TAMPA — Adults who work for the Fellowship of Christian Athletes have been told to stay out of Hillsborough County public schools until they receive training on Monday.
The move stems from a complaint about access the organization's staff had with students on campus during noninstructional time, said district spokeswoman Tanya Arja.
Arja said she did not know any details about the complaint, including what schools were involved or when it was filed.
Representatives of the organization, a Christian ministry for coaches and student-athletes, are meeting this week with district staffers. Anyone who wants to visit the schools will be required to attend Monday's training.
"This does not affect student-led clubs," Arja said.
Founded in 1954 and based in Kansas City, Mo., the fellowship exists "to see the world impacted for Jesus Christ through the influence of coaches and athletes," according to the vision statement on its website.
District leaders, questioned earlier this year about their relationship with Idlewild Baptist Church and a Christian youth organization called First Priority, have been working to clarify the role religious organizations can have in schools.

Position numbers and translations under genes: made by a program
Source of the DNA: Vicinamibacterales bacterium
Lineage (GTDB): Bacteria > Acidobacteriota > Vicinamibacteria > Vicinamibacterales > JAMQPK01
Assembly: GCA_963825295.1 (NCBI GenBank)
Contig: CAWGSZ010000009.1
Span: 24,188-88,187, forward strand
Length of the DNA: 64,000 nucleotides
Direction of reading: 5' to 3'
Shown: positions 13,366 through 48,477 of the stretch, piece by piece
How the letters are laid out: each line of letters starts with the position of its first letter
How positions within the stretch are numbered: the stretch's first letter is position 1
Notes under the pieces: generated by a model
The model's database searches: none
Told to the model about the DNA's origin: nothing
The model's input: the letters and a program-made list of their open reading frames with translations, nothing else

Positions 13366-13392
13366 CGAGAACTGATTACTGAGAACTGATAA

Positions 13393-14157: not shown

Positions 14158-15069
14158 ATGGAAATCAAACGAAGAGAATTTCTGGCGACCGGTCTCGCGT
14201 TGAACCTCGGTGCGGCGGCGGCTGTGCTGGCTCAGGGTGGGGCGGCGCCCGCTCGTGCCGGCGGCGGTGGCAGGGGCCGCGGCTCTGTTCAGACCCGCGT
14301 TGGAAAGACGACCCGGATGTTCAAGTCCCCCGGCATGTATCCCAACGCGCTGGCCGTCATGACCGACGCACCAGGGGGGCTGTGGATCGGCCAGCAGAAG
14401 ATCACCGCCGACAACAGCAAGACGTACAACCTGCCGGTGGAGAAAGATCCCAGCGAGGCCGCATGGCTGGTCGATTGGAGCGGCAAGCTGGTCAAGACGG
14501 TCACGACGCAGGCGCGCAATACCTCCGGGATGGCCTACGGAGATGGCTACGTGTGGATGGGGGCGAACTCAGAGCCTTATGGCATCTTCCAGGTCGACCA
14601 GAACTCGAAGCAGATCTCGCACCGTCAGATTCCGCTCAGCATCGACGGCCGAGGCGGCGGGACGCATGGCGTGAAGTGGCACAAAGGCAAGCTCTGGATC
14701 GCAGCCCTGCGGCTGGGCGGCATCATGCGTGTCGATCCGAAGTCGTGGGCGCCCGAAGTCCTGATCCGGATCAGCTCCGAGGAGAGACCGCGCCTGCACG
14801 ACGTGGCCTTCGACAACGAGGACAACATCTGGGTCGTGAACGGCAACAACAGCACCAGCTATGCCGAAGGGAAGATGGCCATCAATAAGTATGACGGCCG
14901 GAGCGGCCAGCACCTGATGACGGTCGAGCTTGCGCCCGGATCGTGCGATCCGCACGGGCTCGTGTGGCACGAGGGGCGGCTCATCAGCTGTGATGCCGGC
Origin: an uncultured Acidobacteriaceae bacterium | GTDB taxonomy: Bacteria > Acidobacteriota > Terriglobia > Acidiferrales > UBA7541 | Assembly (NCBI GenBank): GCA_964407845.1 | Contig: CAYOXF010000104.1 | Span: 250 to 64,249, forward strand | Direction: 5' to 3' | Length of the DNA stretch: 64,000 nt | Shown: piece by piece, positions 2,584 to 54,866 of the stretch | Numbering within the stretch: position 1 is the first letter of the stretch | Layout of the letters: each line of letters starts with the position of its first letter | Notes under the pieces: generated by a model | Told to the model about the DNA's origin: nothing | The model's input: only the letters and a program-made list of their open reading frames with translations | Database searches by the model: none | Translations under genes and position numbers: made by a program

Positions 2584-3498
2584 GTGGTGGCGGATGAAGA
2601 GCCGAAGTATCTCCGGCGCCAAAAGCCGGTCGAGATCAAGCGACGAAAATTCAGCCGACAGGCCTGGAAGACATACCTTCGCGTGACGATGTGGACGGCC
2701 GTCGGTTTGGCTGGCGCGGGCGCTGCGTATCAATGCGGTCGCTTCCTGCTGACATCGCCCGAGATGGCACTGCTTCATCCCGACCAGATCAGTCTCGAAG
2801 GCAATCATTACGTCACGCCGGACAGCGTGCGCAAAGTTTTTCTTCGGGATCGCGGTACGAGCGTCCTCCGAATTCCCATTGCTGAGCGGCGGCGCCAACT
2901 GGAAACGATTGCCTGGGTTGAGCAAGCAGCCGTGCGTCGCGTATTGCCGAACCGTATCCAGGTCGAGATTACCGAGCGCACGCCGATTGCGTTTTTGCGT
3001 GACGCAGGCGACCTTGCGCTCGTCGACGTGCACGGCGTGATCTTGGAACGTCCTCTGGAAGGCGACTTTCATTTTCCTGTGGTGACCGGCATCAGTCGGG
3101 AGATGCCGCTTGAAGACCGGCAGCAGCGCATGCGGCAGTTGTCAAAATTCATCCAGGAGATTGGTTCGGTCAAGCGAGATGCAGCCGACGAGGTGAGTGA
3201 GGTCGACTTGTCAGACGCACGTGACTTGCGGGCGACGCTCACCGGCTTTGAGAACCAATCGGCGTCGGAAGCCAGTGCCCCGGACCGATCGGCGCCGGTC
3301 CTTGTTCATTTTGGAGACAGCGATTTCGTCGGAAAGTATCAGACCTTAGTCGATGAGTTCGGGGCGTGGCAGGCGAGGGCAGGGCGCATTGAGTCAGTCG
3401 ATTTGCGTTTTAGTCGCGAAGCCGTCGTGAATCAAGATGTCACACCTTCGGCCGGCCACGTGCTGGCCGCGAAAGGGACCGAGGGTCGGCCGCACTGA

It's a delicate balance, as the school district is governed by distinct legal principles under federal law. The Establishment Clause of the First Amendment says that government — including public schools — cannot take actions that serve to establish an official religion.
But the Equal Access Act of 1984 says tax-funded middle and high schools must allow student-led clubs, including those that discuss religion.
"The district will remain inclusive and neutral among religions and between religion and non-religion by implementing protocols, policies, and procedures which offers unbiased safeguards for our students and their educational pursuits," MaryLou Whaley, director of parent and community involvement, wrote in an email to the district's athletic director.
Marlene Sokol can be reached at (813) 226-3356 or email@example.com.